If you are planning on buying or trading a dirt bike, many people will refer you to KBB dirt bike. KBB, which is a shorter form of Kelley Blue Book, is a company’s ‘guide book’ in automotive pricing. That ‘guide book’ does not mean a printed one. KBB itself will assess and determine how much certain used vehicle cost. It is reassuring to know that at least 20 million of their web visitors log on to their website. Well, KBB is one of the biggest, most trusted, and the most reliable pricing company.
Kelley Blue Book is mostly known for their car pricing accuracy and reliability, but do they work on bikes, especially dirt bikes? Yes, they have also KBB dirt bike values. The pricing system does not differ much from how they do the assessment on cars. They cover many dirt bikes brands, and motorcycles ranging from Honda, Yamaha even Kawasaki and Suzuki. In case you are looking for Harley Davidson, you can also find it there.
Maybe you are wondering how this company assesses, give value, and determine the pricing of a certain used vehicle. KBB dirt bike can be considered as the most reliable as mentioned earlier. To determine the price of used bike, they have channels to help them set the base daily, such as wholesale auctions, dealers, lessors, or any other private parties.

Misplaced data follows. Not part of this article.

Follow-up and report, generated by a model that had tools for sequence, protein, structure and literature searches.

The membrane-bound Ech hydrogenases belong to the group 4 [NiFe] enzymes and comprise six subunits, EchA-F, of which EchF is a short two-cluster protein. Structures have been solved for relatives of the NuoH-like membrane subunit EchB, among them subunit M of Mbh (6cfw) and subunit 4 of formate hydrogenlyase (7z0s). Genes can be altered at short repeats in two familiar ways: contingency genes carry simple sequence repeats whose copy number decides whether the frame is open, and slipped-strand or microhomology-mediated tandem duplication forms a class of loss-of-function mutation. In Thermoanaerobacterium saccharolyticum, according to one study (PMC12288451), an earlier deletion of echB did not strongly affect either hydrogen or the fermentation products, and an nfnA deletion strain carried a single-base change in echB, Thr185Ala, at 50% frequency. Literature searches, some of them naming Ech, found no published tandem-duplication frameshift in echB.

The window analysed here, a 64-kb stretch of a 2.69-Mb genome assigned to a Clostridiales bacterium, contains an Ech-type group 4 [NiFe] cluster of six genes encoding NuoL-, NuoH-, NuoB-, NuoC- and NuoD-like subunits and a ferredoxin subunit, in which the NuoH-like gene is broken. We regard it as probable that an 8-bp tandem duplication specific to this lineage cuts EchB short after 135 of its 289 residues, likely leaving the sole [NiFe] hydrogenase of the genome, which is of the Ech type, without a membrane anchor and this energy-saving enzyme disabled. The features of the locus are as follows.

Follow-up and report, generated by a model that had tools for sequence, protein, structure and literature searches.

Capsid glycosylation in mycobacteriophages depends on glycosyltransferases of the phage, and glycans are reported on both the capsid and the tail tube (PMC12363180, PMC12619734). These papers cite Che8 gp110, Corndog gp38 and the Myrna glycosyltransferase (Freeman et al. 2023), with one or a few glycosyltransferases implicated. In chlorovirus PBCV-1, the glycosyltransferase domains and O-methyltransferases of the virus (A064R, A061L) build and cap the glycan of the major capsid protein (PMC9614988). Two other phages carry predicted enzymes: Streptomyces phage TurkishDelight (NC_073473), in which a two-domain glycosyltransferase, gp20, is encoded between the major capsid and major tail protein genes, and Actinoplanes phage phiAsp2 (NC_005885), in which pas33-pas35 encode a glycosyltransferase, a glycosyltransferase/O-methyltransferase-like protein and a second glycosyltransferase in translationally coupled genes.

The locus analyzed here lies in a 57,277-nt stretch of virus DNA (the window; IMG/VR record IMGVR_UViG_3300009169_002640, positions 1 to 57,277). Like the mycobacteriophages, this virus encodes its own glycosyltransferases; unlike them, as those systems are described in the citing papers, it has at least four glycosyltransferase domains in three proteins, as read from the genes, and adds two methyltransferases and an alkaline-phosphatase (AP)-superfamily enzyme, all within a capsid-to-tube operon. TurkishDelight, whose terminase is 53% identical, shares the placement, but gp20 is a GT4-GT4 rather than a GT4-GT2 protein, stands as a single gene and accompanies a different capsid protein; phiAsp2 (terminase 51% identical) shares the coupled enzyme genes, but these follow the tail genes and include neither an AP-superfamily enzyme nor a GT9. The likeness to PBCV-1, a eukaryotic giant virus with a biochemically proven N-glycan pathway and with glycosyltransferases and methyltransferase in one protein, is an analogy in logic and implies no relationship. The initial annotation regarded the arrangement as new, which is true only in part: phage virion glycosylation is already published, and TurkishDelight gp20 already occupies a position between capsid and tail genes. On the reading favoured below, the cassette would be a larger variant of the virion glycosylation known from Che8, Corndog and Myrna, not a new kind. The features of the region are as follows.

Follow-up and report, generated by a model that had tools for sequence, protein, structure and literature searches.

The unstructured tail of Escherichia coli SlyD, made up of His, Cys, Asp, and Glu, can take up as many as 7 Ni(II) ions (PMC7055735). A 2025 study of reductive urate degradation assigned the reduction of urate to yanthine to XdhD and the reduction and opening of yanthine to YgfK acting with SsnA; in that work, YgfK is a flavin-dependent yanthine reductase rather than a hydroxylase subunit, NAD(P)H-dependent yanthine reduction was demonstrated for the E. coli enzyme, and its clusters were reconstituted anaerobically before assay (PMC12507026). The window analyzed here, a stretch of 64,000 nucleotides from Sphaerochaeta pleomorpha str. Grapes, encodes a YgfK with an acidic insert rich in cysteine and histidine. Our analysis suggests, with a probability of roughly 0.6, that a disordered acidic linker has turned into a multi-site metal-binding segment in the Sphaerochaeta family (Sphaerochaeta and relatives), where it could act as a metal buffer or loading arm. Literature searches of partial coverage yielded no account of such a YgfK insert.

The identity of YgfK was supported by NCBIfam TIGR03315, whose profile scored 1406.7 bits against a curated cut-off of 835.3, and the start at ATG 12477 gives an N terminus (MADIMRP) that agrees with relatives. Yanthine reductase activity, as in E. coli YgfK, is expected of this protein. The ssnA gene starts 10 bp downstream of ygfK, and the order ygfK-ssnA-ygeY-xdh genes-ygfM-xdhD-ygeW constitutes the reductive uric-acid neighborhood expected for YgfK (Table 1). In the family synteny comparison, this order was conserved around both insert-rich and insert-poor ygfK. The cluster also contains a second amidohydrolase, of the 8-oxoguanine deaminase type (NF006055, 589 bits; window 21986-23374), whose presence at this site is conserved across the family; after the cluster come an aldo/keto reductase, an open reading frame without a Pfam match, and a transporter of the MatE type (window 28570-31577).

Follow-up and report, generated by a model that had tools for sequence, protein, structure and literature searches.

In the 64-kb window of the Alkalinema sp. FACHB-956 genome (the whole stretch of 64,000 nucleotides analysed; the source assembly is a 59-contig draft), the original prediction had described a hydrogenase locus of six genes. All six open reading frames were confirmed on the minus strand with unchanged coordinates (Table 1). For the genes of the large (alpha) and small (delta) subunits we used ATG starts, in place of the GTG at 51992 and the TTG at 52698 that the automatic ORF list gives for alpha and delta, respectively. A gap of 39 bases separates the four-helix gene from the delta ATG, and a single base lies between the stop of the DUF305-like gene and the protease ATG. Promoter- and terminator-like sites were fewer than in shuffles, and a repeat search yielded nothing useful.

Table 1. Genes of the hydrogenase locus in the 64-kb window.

Aside from the price they obtain from those sources, they also analyze the field price and combine them with current economic trends, time of the year, location, and historical trends. However, despite the trusted sources and comprehensive valuing algorithm, there are several issues with KBB pricing.
- First, since they take time to analyze the data, the released price does not always resonate with the current trends, especially when there is a quick alteration in economic conditions.
- People think their used dirt bike should cost just like KBB has mentioned on the KBB. In fact, most of the time people think that their used dirt bike is way better than the real condition – hence this quality difference may not match the KBB valuation algorithm.
- Since dealers typically don’t use KBB for trade-in values, there may be any mismatched data which can turn people away to National Auto Research’s data or Manheim’s Report.
So, despite people’s opinion that KBB has high accuracy, there are still drawbacks to the system. However, if you want to purchase a used dirt bike, you can check KBB dirt bike to get a quick overview about the price.